MONTREAL – The “Hidden Cash” phenomenon has made its way to Montreal.
An “Anonymous Montrealer,” tweeting from the account HiddenCashMTL, has been dropping envelopes of cash around the city, and then tweeting clues to where the gifts can be found.
The rules are simple:
“Find money, share a selfie with it, tag @hiddencashmtl.”
It started in San Francisco in May, when an anonymous man with the Twitter handle @HiddenCash began hiding money throughout the city, in a Twitter-based scavenger hunt. This has now spread to Canada, taking over Calgary, Toronto and Vancouver.
The anonymous person behind the social media sensation told Global News on Monday that they hope those who do find the cash “share it with the less fortunate” and will “keep doing it until it’s not fun.”
Global News had the chance to speak with Marissa Leon-John, who was one lucky winner in Montreal this week.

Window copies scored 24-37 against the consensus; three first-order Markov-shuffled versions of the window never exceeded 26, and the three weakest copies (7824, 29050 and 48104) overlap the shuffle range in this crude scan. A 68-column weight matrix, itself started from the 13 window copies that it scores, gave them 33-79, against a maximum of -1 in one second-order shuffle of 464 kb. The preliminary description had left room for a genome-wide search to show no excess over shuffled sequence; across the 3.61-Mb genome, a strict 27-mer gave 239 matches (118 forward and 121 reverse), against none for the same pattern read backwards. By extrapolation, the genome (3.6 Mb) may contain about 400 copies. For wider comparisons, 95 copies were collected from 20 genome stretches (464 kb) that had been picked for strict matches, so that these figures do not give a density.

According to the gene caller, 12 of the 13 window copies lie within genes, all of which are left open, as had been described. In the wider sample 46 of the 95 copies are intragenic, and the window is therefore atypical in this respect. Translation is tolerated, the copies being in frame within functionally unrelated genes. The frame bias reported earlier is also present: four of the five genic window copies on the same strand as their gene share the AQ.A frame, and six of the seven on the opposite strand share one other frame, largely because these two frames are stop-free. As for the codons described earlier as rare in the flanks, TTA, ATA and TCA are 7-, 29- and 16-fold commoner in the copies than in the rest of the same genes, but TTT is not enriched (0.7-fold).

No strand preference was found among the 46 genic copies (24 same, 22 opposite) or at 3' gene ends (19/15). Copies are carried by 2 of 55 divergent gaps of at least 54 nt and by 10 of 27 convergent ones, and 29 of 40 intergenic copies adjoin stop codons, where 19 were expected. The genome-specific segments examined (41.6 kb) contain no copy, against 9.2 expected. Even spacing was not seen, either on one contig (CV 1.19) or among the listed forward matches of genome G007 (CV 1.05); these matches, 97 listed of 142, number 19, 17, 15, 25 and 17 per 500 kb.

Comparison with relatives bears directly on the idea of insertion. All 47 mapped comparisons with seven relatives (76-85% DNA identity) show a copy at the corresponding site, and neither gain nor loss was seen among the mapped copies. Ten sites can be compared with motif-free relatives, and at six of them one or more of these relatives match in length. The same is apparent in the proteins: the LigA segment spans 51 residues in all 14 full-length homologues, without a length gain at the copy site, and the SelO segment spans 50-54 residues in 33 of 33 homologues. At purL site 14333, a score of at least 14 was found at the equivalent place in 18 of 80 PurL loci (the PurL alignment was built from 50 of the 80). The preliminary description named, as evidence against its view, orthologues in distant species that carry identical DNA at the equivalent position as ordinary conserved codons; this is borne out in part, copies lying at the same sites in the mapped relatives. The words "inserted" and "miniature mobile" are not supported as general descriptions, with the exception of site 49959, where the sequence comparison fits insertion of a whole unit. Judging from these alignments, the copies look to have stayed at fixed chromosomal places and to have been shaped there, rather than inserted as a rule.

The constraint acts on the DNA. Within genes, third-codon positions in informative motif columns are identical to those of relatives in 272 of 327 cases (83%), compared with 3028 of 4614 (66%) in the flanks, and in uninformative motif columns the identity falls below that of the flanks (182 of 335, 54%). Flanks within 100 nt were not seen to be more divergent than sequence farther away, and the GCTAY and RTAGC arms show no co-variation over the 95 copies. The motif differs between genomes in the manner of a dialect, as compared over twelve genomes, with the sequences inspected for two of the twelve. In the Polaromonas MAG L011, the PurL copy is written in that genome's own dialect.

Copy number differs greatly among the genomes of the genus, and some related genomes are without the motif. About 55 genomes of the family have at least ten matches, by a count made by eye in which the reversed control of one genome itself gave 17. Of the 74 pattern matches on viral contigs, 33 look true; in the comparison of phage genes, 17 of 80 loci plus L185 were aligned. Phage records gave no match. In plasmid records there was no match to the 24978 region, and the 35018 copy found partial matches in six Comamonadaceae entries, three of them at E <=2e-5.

“I heard about the hidden cash initiative in San Francisco, Vancouver and Toronto so took a chance and searched for one in Montreal and just happened to come across it,” she said on Friday.
She revealed that she found the money tucked between the slats of a park picnic table in Rosemary Brown Park.
“There was a crisp $100 bill neatly tucked inside.”
According to Leon-John, the money is already spent. She made a donation to the charity Animatch, spoiled her puppy with a few treats and bought her Pointe-Claire Ladies’ softball team a case of beer.
Does she think that this initiative can truly inspire social good?
“I do believe that kindness is contagious and finding a $100 bill did inspire me to give, rather than simply spend the money on myself,” she told Global News.
“Some will argue that maybe the people who find the money need it too but, the way I see it, if you have the means to get on Twitter and get a hold of the cash, you can more than likely spare even a few dollars to give to someone else who might need it!”
What would you do with $100 if you found it via a Twitter scavenger hunt? Let us know in the comments below.
– With files from James Armstrong
© Shaw Media, 2014